Interestingly enough, the Keyboard Shortcuts command has a keyboard shortcut, K-S. So if you prefer not to have to come over here to this ribbon tab, you can just type K-S, and that will display this dialog. Now, the first thing that you probably want to do is search for either the command or the keyboard shortcut you're thinking of. So let's say I wanted to do a Roof by Footprint command and I wanted it to be R-F. So I'll search for R-F and see if something comes up. And when I scroll through here, R-F doesn't appear anywhere. So what that tells me is that that keyboard shortcut is available.
So next, I'll search for Roof, and I get all of the various roof commands. Here is Roof by Footprint, and I can type R-F, and click Assign. That adds that new Roof by Footprint keyboard shortcut to the command. Now, what I'm going to do here is click the little X to clear that out, and you could scroll through this entire list here to see which keyboard shortcuts are already available. Now, I do want to point out that it's possible to have more than one keyboard shortcut for the same command. So here's the Properties command, and it actually has three different keyboard shortcuts.
It's also possible, unfortunately, to assign the same shortcut to more than one command, so that's why it was important that I did the search first before assigning the shortcut, because if I don't do that, then I could accidentally assign the same shortcut to two different commands, and it would only execute the one, and it would never get to the other one. So you need to make sure that you understand which shortcuts are being used before you make modifications. Now you can export the list here to create a text file that's kind of like a cheat sheet, but frankly, I just use the tooltip way of finding the keyboard shortcuts, and I think you'll learn them pretty quickly that way.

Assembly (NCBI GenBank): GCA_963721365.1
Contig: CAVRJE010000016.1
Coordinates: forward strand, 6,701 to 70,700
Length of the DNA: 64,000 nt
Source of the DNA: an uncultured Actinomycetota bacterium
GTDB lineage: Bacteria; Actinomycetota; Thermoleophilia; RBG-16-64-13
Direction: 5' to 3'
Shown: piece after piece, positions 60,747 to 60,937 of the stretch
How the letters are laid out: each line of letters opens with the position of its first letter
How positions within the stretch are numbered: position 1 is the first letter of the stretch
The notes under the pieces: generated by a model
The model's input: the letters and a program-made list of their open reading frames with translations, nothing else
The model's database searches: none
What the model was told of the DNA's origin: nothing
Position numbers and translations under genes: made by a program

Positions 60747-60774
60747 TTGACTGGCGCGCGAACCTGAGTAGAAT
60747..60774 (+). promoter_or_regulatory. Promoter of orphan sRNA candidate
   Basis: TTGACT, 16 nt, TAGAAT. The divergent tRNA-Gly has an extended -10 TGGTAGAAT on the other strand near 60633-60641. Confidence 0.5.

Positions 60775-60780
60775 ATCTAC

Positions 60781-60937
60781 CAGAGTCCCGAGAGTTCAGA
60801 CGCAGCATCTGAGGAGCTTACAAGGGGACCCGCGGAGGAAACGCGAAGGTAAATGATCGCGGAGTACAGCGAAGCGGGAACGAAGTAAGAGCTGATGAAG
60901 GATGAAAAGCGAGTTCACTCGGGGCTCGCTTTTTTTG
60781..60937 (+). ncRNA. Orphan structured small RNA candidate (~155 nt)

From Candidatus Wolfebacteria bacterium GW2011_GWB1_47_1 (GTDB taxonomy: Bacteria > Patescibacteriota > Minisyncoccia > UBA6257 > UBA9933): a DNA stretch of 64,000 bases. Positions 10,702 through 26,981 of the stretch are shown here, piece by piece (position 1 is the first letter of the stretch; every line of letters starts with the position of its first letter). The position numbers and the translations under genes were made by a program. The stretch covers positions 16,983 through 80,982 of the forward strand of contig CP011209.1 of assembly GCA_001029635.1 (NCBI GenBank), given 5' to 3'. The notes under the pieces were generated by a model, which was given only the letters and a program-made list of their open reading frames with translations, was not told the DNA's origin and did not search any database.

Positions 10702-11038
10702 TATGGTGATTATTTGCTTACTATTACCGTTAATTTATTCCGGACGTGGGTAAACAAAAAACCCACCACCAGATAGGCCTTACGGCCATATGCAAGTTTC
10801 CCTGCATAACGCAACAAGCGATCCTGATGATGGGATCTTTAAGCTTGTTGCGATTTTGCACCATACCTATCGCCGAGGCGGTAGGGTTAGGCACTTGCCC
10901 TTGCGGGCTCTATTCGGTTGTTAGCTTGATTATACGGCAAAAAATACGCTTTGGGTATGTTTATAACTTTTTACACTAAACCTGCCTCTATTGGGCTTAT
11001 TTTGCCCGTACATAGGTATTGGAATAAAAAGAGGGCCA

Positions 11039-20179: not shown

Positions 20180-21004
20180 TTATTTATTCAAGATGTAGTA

I'm actually going to cancel this command, and it's going to ask me, do I want to save the change that I made? I'm going to discard that change of adding the Roof by Footprint, but if you want to keep that keyboard shortcut, feel free to do so. So keyboard shortcuts are a very popular way to execute commonly used commands. Once again, they are two keystrokes, don't press the Enter key. So once you kind of get in the habit of using them, you should remember all of your favorite commands and be able to execute them quickly with just two strokes.
First, get comfortable with the Revit environment, and learn to set up a project and add the grids, levels, and dimensions that will anchor your design. Then author Paul F. Aubin helps you dive into modeling: adding walls, doors, and windows; using joins and constraints; creating and mirroring groups; linking to external assets and DWG files; and modeling floors, roofs, and ceilings.
Paul also shows advanced techniques for modeling stairs and complex walls, adding rooms, and creating schedules. Finally, discover how to annotate your drawings so all the components are clearly understood, and learn how to output sheets to DWF, PDF, or AutoCAD.
- Understanding BIM and the Revit element hierarchy
- Navigating views
- Creating a new project from a template
- Adding walls, doors, and windows
- Adding plumbing fixtures and other components
- Linking AutoCAD DWG files
- Rotating and aligning Revit links
- Working with footprint and extrusion roofs
- Adding openings
- Adding railings and extensions to stairs
- Creating stacked and curtain walls
- Hiding and isolating objects
- Adding rooms
- Creating schedule views and tags
- Adding text and dimensions
- Creating new families
- Using reference planes, parameters, and constraints
- Plotting and creating a PDF